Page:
By expunging the cables and not requiring any external device to handle processing, standalone headsets offer the greatest physical freedom. To provide 6DOF motion tracking, and similar 6DOF motion controls, the Oculus Quest 2 uses similar outward-facing cameras to the Oculus Rift S. It doesn't have the same processing power as a separate, dedicated gaming computer, but some pretty detailed, smooth graphics can still pushed through its high-end mobile processor.

Quest 2 of Oculus is the first big name in the current wave of VR

Was the Oculus Rift, and Oculus is still a major player in the category. However, it's bowing out of the dedicated tethered VR headset, discontinuing the Rift S in favor of concentrating entirely on the Quest 2 standalone. This doesn't mean that on the company's new headset you can't enjoy PC VR; you'll just need to get an accessory cable for it.

A $300 standalone VR headset powered by a Qualcomm Snapdragon 865, the Oculus Quest 2 is a considerable power upgrade over the original Quest and its Snapdragon 835. In a single package with no wires needed (except for charging the headset), it offers a comprehensive VR experience and currently provides the highest resolution of any consumer VR headset at 1,920 by 1,832 per eye. For full 6DOF head and hand motion tracking, it has two motion controls and offers in its onboard store a robust library of VR software.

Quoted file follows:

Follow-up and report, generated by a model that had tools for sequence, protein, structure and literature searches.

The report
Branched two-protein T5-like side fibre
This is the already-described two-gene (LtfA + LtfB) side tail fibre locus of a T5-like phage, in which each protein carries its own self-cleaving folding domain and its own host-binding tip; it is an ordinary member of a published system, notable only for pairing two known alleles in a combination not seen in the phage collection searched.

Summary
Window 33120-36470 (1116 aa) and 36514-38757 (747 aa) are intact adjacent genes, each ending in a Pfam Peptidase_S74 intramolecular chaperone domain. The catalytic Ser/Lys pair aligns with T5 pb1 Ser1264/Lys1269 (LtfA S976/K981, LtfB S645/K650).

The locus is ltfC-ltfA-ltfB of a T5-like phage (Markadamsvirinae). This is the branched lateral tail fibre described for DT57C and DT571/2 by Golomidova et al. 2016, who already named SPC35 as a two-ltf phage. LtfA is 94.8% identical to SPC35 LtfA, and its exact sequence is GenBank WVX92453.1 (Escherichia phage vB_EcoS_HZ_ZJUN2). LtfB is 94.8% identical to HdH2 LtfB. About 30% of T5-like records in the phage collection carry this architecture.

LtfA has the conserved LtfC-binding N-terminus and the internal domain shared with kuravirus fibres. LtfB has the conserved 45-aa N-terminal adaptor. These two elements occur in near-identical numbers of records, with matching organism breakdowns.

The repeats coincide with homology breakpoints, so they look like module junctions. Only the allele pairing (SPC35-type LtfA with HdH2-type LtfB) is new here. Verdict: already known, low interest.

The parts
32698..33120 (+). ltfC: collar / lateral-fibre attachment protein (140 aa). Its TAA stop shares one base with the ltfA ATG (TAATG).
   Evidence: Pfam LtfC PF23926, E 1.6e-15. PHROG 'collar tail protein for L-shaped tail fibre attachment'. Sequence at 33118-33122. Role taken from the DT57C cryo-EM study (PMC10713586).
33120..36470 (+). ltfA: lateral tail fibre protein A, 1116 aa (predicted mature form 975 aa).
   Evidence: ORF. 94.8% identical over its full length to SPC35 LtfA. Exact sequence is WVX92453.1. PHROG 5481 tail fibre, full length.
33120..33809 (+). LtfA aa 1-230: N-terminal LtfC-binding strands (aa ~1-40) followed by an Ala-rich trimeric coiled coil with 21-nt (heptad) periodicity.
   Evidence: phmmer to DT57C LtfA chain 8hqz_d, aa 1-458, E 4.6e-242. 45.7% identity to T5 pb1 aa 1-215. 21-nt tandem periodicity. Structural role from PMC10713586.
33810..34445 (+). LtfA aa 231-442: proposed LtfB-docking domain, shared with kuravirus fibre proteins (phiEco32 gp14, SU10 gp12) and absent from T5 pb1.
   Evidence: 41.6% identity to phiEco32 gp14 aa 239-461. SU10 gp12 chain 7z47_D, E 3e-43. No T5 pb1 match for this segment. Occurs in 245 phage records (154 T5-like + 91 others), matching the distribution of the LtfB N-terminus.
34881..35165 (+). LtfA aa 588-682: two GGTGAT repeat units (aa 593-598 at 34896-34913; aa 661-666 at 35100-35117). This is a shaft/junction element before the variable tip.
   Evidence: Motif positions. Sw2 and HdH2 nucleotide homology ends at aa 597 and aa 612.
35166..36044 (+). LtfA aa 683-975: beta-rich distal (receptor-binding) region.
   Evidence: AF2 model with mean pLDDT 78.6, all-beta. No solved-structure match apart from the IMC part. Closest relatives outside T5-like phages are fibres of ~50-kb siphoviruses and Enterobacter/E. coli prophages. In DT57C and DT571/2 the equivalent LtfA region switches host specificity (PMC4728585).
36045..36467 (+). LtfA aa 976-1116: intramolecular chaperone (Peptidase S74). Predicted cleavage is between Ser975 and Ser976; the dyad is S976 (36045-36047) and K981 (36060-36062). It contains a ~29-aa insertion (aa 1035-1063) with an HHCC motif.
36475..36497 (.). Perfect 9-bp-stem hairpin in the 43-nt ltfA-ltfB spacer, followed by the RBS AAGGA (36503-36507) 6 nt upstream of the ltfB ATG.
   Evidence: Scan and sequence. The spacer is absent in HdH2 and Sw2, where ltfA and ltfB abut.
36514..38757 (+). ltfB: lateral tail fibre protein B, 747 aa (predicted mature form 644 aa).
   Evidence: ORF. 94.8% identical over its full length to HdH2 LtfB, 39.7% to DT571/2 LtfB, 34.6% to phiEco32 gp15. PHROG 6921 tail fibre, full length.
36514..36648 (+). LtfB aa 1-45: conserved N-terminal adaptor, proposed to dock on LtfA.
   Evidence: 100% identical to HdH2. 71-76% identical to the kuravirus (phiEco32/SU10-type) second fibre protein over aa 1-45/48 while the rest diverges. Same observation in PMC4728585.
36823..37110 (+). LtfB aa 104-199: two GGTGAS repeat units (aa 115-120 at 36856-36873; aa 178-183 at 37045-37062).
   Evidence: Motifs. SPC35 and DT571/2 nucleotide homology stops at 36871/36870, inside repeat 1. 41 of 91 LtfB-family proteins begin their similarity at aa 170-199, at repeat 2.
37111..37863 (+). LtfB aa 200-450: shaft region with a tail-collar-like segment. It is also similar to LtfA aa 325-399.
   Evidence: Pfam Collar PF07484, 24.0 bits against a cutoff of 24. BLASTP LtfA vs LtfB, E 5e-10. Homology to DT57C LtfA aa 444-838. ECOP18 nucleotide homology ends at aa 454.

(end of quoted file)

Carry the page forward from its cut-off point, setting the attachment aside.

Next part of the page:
With Quest 2, though, that doesn't mean you can't enjoy tethered VR. The $79 Oculus Link cable is a five-metre USB-C cable that allows you to connect Quest 2 to your PC and use it to play PC-specific VR games such as Half-Life: Alyx just like the tethered Rift S. The cable is costly, but considering the Quest 2 is $100 lower than the original Quest, even after adding the accessory, it still comes out ahead in value.

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PlayStation VR from Sony 

Thanks to Sony backing development for it and the affordability and availability of the PlayStation 4 compared to gaming PCs, the PlayStation VR is interesting. The headset, the PlayStation 4, and the PlayStation Camera are all you need (now included with most PlayStation VR bundles).